We live with a practical tradition. We begin the New Year with ten days devoted to introspection. Between Rosh Hashanah and Yom Kippur we are asked to review our past; failures and victories, to evaluate our relationships and how we can make things better for ourselves and those we care for. We take stock of our lives and try to put ourselves back on the right path. “Chet” is the Hebrew word commonly translated as “sin.” It is derived from the term which means “to miss the target.” The assumption is that sin is a mistake; an action we would correct if possible. It is human to make mistakes—it is brave to try to correct them. This makes “Teshuvah” translated as “to return” an attainable task. We are not expected to be perfect but we are expected to clean up the messes we have made.
Our tradition identifies two categories of relationships; those we have with each other and those relationship we have with God. The mistakes we make fall into these categories as well: The ways in which we hurt others and the ways in which we hurt God.
Isn’t it incredible that we can hurt God? Some may disagree and ask, “How can a perfect God be concerned with our sins?” In my opinion it is a measure of God’s love for us that God created a relationship in which God is affected by our actions. And, while some may say this is only a metaphor —I am not so sure. If one truly believes in the concept of “Tikun Olam,” and recognizes our responsibility to fix the world, how can God not be disappointed and hurt when we fail?
This interplay between “Teshuvah” and “Chet,” our relationship to others creates a very involved dynamic and ideally forces us to face our frailties and responsibilities. We have made mistakes—how can we atone for them? We are always in need of repentance and atonement.
We learn from the Midrash (Mishle 6:6):
The students of Rabbi Akiva asked him, “Which is greater, Teshuvah or Tzedakah?
He answered them, “Teshuvah, because sometimes one gives Tzedakah to one who does not need it. However, Teshuvah comes from within (it is always needed).” They (the students) said to him, “Rabbi, have we not already found that Tzedakah is greater than Teshuvah?”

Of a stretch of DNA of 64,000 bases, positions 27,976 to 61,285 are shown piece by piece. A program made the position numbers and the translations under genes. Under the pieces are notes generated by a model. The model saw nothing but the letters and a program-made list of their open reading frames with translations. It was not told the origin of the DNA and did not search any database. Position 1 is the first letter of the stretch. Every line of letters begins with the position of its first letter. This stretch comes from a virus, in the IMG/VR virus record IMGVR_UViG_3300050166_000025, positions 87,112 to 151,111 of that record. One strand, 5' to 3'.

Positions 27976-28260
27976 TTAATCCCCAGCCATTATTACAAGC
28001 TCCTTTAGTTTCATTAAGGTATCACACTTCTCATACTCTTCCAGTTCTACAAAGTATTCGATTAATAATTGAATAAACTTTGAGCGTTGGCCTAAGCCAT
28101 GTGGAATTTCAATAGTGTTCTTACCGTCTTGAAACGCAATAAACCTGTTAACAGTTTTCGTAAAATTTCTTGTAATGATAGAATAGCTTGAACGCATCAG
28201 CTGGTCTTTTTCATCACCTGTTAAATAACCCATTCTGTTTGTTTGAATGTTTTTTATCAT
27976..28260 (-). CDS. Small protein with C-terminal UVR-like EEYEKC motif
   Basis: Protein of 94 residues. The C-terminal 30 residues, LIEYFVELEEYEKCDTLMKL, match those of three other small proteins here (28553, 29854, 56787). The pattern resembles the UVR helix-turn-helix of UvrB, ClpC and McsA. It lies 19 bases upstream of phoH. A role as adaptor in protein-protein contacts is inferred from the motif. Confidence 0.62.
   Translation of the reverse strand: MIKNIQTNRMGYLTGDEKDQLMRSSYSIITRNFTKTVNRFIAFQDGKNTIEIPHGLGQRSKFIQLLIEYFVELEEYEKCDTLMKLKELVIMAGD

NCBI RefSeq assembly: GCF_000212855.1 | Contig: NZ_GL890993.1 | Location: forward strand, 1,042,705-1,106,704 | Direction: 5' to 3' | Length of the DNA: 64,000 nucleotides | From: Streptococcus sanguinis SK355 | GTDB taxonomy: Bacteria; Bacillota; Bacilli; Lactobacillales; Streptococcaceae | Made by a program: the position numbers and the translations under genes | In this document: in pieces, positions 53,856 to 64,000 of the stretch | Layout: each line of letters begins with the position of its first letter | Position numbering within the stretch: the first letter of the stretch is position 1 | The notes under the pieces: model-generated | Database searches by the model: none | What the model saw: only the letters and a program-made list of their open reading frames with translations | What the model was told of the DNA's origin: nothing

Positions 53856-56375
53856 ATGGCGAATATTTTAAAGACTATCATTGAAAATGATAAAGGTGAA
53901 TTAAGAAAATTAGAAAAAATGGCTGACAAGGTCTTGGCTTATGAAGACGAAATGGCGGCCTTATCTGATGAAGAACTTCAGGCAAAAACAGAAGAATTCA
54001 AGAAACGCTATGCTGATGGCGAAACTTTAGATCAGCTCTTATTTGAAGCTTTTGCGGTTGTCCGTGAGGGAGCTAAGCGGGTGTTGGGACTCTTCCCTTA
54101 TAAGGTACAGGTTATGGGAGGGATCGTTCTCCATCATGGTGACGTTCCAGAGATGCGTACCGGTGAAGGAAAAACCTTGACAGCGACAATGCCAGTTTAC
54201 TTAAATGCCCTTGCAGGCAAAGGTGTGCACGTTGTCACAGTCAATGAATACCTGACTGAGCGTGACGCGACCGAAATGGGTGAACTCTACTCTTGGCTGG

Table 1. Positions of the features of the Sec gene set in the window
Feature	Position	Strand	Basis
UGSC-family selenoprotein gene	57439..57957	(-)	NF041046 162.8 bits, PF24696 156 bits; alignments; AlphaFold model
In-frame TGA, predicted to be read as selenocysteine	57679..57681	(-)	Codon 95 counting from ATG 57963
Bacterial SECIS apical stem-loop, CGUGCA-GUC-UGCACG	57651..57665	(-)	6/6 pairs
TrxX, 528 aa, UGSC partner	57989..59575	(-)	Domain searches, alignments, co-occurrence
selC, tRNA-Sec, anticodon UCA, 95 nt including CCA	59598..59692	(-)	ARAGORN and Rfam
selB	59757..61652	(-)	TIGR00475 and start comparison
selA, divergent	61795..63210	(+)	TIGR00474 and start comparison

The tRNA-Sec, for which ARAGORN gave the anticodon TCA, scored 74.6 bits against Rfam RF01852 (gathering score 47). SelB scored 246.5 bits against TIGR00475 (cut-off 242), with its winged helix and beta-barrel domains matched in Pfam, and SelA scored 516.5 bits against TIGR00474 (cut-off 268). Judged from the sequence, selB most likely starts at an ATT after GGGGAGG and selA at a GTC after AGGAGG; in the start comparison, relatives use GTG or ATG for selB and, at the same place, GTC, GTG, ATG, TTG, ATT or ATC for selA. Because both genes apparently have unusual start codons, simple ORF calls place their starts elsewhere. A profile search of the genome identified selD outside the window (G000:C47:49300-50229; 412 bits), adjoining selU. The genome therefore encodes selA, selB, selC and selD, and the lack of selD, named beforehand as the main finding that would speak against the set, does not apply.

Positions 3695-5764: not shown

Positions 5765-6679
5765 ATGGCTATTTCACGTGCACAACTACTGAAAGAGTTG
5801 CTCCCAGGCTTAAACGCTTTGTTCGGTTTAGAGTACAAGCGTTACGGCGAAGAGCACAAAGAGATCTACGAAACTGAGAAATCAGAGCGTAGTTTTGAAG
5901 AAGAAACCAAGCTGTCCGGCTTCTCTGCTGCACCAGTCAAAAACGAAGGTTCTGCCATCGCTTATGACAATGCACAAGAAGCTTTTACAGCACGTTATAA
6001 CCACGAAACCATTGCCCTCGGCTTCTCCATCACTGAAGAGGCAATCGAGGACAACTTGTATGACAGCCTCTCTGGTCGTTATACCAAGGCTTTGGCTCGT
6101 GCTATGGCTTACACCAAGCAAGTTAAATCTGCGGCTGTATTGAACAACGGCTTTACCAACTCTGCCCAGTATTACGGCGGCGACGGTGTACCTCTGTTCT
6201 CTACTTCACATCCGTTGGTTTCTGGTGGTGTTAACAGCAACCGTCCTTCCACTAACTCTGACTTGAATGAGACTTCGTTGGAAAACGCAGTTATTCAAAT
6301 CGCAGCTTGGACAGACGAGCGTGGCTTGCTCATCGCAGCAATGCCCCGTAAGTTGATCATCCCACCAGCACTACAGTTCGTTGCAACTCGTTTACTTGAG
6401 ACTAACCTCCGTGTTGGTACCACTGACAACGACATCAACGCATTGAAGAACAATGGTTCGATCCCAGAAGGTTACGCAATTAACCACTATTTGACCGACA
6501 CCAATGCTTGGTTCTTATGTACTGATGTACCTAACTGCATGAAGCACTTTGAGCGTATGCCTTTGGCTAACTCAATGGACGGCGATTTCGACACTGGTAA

How does one explore Judaism and derive deep meaning from it? What if you want to strengthen your Jewish identity? One way is to become introspective and find yourself in intense moments we create through silent ritual and prayer. This is the essence of “Teshuvah,” the “return to one’s tradition. This is one way, and it is a good way. But it is not the only way.
Another way to achieve this goal is to immerse oneself in Tzedakah. To experience the intensity of giving a bag of school supplies to a child who has never had them before, delivering 20,000 pounds of food to a shelter in Mississippi or building a house in Appalachia—is a way becoming close to God.
I can tell you this; when I am alone and feel in the dark, scared and aware of my mortality, when I am in pain, it is the Tzedakah experiences I dust-off and recall. They bring me back. Ritual and prayer are vital expressions of my identity and form the basis of my observance, but my humanity comes from Tzedakah.
Often reality is stranger than fiction; The vote for one of the first major strike in American history was taken in Yiddish and involved an ancient Jewish oath.
Most of us take for granted the bathroom breaks and workplace safety that are, not always but generally, the standard in the United States. As Labor Day approaches, it is worth taking a moment away from the barbecues and the back to school prep to remember that some of these basic workplace amenities came to be through the hard fought battles of early labor organizers many of whom were Yiddish speaking women.